Alcohol extract of North American ginseng (Panax quinquefolius) reduces fatty liver, dyslipidemia, and other complications of metabolic syndrome in a mouse model.
Can J Physiol Pharmacol. 2017 Sep ;95(9):1046-1057. Epub 2017 Jun 30. PMID: 28666094
Ratnesh K Singh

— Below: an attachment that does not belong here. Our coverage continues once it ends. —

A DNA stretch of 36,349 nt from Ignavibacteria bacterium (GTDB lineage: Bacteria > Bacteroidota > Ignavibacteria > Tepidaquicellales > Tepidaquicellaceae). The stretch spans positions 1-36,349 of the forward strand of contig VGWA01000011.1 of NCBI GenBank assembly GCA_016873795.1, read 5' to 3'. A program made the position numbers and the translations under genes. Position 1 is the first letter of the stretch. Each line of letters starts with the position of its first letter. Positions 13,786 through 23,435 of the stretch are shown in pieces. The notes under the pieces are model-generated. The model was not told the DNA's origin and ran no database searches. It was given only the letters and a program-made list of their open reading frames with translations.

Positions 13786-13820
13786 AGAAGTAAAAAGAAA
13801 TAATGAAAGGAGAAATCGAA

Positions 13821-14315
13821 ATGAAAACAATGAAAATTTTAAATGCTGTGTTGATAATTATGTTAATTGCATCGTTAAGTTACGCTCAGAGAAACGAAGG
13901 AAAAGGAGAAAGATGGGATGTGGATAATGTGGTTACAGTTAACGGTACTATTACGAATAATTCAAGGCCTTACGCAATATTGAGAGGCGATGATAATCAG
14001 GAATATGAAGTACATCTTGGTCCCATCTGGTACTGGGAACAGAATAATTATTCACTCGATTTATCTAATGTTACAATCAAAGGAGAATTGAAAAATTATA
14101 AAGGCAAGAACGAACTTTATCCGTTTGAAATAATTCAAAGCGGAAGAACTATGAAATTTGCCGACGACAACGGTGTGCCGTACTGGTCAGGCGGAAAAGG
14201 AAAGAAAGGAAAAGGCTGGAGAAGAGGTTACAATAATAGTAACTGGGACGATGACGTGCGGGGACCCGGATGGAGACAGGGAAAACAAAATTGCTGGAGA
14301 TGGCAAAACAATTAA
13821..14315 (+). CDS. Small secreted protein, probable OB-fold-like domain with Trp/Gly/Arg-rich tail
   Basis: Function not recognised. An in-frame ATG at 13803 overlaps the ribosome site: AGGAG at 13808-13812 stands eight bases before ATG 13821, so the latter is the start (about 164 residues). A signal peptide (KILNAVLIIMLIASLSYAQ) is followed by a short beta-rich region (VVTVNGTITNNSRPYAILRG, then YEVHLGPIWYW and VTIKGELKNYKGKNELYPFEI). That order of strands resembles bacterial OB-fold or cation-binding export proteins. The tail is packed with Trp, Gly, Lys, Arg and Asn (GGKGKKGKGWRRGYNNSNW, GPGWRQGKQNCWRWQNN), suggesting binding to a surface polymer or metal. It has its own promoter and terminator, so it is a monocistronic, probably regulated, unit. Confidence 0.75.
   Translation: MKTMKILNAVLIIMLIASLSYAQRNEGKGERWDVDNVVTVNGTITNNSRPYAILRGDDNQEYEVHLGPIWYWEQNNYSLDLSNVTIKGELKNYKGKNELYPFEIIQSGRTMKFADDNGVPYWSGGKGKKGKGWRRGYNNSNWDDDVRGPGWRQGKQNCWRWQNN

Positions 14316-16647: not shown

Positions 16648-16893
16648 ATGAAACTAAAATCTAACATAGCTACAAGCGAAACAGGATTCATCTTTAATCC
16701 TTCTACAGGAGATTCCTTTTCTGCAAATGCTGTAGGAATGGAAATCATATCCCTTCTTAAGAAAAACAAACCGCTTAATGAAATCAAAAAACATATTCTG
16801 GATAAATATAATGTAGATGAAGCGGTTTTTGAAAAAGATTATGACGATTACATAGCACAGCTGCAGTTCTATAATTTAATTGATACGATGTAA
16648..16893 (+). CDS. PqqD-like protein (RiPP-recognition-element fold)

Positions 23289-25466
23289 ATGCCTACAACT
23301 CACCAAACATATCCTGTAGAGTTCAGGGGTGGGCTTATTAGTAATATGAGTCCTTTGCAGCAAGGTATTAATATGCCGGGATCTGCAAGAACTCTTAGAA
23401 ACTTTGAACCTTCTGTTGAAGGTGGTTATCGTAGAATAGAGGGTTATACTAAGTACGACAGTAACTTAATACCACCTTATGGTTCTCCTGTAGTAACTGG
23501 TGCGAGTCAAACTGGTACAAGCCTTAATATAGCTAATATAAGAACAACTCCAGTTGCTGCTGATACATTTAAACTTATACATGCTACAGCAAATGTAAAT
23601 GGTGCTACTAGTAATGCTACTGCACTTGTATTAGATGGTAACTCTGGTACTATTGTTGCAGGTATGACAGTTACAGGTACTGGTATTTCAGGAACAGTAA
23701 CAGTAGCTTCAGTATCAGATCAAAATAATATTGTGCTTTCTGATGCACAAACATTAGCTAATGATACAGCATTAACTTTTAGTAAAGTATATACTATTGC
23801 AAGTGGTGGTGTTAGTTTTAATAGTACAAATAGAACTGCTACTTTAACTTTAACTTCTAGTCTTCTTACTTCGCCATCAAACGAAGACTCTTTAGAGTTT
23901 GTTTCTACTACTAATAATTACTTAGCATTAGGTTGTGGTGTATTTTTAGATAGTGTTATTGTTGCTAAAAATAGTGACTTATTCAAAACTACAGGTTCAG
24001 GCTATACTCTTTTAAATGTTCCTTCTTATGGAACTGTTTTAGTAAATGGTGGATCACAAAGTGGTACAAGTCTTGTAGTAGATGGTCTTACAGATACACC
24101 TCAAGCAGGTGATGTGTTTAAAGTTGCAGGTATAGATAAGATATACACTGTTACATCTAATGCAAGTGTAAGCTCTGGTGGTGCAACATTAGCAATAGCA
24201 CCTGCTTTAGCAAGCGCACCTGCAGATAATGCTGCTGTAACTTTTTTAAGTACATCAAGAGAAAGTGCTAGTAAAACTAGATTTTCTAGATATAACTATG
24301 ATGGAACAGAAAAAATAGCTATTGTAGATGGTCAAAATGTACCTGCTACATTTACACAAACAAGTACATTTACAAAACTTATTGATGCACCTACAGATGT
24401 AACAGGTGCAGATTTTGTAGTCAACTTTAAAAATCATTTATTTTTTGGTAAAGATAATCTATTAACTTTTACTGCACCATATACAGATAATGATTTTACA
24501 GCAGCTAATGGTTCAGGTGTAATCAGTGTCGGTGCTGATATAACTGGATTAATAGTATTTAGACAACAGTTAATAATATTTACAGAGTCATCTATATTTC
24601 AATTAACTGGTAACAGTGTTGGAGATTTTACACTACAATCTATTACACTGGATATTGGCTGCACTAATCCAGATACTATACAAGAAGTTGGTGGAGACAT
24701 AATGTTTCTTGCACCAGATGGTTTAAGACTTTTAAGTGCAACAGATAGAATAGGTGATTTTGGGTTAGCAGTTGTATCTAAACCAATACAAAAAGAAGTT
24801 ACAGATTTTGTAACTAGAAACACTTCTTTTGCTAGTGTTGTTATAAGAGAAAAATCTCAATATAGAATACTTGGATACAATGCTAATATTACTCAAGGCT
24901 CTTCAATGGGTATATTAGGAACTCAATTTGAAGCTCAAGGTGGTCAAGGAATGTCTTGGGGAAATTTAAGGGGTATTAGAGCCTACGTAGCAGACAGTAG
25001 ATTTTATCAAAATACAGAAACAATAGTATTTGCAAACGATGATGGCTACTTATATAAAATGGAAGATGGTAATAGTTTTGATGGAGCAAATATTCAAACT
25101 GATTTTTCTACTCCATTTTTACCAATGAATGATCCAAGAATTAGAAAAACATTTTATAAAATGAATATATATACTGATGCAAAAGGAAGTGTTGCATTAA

We investigated whether North American ginseng (Panax quinquefolius) could reduce development of the metabolic syndrome phenotype in a mouse model (ETKO) of the disease. Young ETKO mice have no disease but similar to humans start to develop the fatty liver, hypertriglyceridemia, obesity, and insulin resistance at 25-30 weeks of age, and the disease continues to progress with ageing. ETKO mice were orally given an ethanol extract of ginseng roots at 4 and 32 weeks of age. Treatments with ginseng eliminated the ETKO fatty liver, reduced hepatic and intestinal lipoprotein secretion, and reduced the level of circulating lipids. Improvements by ginseng treatments were manifested as a reduction in the expression of genes involved in the regulation of fatty acid and triglyceride (fat) synthesis and secretion by the lipoproteins on one hand, and the stimulation of fatty acid oxidation and triglyceride degradation by lipolysis on the other hand. These processes altogether improved glucose, fatty acid, and triglyceride metabolism, reduced liver fat load, and reversed the progression of metabolic syndrome. These data confirm that treatments with North American ginseng could alleviate metabolic syndrome through the maintenance of a better balance between glucose and fatty acid metabolism, lipoprotein secretion, and energy homeostasis in disease-prone states.